Growing up in Brantford, I have long lived as a guest on the traditional lands of the Huron-Wendat, the Haudenosaunee, and most recently, the Mississaugas of the Credit First Nations, which are governed by the Dish with one spoon covenant between the Haudenosaunee Confederacy and the Confederacy ...
Growing up in Brantford, I have long lived as a guest on the traditional lands of the Huron-Wendat, the Haudenosaunee, and most recently, the Mississaugas of the Credit First Nations, which are governed by the Dish with one spoon covenant between the Haudenosaunee Confederacy and the Confederacy of Ojibway and Allied Nations. As a guest, I am committed to upholding this covenant and am grateful to have the opportunity to work, live, and raise my two young children on this land.
I received a PhD in English Literature from York University in 2018, where my dissertation considered the history-writing aspect of transitional justice reports and the complex ways in which truth commissions and human rights tribunals attend to the political and cultural vicissitudes of shared traumas. As part of my doctoral work, I had the privilege of attending several human rights tribunals as both an honourary witness and as a trial monitor, and of participating in the process of bearing testimony alongside many inspirational and courageous survivors of both state and imperial violence. These experiences continue to inform my research and teaching practices, primarily through an emphasis on mindful and responsible listening.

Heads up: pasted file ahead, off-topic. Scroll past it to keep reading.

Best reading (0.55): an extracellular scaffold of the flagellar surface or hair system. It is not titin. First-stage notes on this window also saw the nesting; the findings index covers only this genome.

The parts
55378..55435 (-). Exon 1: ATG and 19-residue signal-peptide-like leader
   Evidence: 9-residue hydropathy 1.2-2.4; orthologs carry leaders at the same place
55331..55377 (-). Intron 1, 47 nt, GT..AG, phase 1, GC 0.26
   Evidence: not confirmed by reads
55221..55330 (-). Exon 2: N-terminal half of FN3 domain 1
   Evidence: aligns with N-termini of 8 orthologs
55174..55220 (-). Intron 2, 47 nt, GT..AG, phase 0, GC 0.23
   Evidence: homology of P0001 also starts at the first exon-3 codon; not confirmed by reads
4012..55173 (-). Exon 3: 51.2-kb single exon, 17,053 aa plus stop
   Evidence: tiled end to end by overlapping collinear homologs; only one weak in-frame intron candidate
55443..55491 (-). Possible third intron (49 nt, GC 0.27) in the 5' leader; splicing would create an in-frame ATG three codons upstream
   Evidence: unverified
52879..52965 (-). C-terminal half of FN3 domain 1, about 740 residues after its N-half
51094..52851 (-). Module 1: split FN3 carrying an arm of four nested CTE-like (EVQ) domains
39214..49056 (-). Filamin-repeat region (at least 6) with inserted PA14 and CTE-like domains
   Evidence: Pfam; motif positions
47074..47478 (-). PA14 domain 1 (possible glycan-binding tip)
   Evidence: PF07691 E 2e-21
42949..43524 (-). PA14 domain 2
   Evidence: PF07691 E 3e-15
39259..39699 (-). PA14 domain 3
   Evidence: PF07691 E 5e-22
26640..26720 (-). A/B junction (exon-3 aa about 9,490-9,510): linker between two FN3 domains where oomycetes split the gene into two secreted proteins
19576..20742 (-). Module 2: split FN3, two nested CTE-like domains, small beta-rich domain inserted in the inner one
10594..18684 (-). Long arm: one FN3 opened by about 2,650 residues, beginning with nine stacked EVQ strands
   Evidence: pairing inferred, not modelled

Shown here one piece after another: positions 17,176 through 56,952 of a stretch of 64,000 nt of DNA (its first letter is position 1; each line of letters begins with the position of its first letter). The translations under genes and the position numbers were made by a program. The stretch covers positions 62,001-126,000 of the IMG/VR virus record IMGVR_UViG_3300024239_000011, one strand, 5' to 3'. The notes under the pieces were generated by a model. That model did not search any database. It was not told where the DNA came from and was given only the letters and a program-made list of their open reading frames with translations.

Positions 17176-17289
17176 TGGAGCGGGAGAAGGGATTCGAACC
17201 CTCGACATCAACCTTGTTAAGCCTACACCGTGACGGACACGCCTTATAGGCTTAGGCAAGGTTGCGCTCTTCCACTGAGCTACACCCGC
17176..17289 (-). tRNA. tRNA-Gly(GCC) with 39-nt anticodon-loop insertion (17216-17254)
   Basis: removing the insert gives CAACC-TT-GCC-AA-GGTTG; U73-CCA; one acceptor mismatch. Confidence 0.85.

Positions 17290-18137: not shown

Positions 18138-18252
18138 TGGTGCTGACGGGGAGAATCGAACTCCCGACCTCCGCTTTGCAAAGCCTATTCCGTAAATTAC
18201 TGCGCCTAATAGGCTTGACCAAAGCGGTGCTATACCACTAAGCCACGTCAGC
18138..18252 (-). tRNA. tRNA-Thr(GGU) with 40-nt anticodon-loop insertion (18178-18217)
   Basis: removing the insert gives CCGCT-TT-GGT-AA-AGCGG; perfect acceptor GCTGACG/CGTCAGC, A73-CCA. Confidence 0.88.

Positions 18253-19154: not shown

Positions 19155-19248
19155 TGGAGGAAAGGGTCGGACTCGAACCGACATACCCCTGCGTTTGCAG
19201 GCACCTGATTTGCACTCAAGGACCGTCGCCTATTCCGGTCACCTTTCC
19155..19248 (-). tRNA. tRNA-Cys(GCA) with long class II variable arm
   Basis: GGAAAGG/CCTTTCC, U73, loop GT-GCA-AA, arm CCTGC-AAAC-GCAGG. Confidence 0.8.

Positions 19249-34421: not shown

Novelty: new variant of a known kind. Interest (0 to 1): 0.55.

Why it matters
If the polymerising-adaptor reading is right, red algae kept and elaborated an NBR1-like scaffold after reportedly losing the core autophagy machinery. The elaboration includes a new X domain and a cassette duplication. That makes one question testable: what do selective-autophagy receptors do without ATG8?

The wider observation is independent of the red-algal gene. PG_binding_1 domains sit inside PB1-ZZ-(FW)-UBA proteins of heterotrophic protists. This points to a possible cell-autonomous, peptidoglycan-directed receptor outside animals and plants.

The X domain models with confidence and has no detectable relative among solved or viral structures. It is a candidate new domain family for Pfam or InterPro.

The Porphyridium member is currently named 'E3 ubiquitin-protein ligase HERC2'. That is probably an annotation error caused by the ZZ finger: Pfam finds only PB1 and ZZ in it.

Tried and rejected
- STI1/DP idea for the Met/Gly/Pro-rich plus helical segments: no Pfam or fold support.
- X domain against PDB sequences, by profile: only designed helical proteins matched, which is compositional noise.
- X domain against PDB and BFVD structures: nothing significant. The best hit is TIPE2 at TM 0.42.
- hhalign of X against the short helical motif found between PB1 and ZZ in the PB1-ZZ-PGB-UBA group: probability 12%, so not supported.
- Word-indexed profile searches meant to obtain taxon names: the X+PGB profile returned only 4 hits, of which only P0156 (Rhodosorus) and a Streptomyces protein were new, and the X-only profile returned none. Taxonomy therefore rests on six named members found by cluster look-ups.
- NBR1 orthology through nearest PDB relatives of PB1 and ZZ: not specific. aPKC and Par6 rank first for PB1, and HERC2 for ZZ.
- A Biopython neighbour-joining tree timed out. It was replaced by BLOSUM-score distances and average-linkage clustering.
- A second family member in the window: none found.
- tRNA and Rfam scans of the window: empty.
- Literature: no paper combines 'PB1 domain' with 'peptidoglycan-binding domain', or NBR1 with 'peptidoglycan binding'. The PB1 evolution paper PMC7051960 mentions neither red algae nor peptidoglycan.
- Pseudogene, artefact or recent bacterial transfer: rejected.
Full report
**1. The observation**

After completing my first PhD, I embarked on a second doctoral degree at Osgoode Hall Law School, where my research focuses on the promotion of artist's resale rights (droit de suite); copyright law and the moral rights claims of artists and authors; legislative and policy solutions to 'art flipping'; the philosophy and politics of appropriation, copying, and plagiarism; and the intersection of literature, visual arts and the law, more broadly.
My research generally operates at the intersection of a) literature and visual art, and b) the law. I have published on a wide and interdisciplinary range of topics, including: 20th century Argentine satire; postwar German "Trümmerliteratur" and "Trümmerfilm"; the history of the Canadian Federal and Exchequer Courts; the architecture of genocide memorials; the protest art of León Ferrari; the poetry of Juan Gelman; Millennial art collectors and the exploitation of BIPOC artists; and the moral rights claims of Michael Snow and Richard Serra.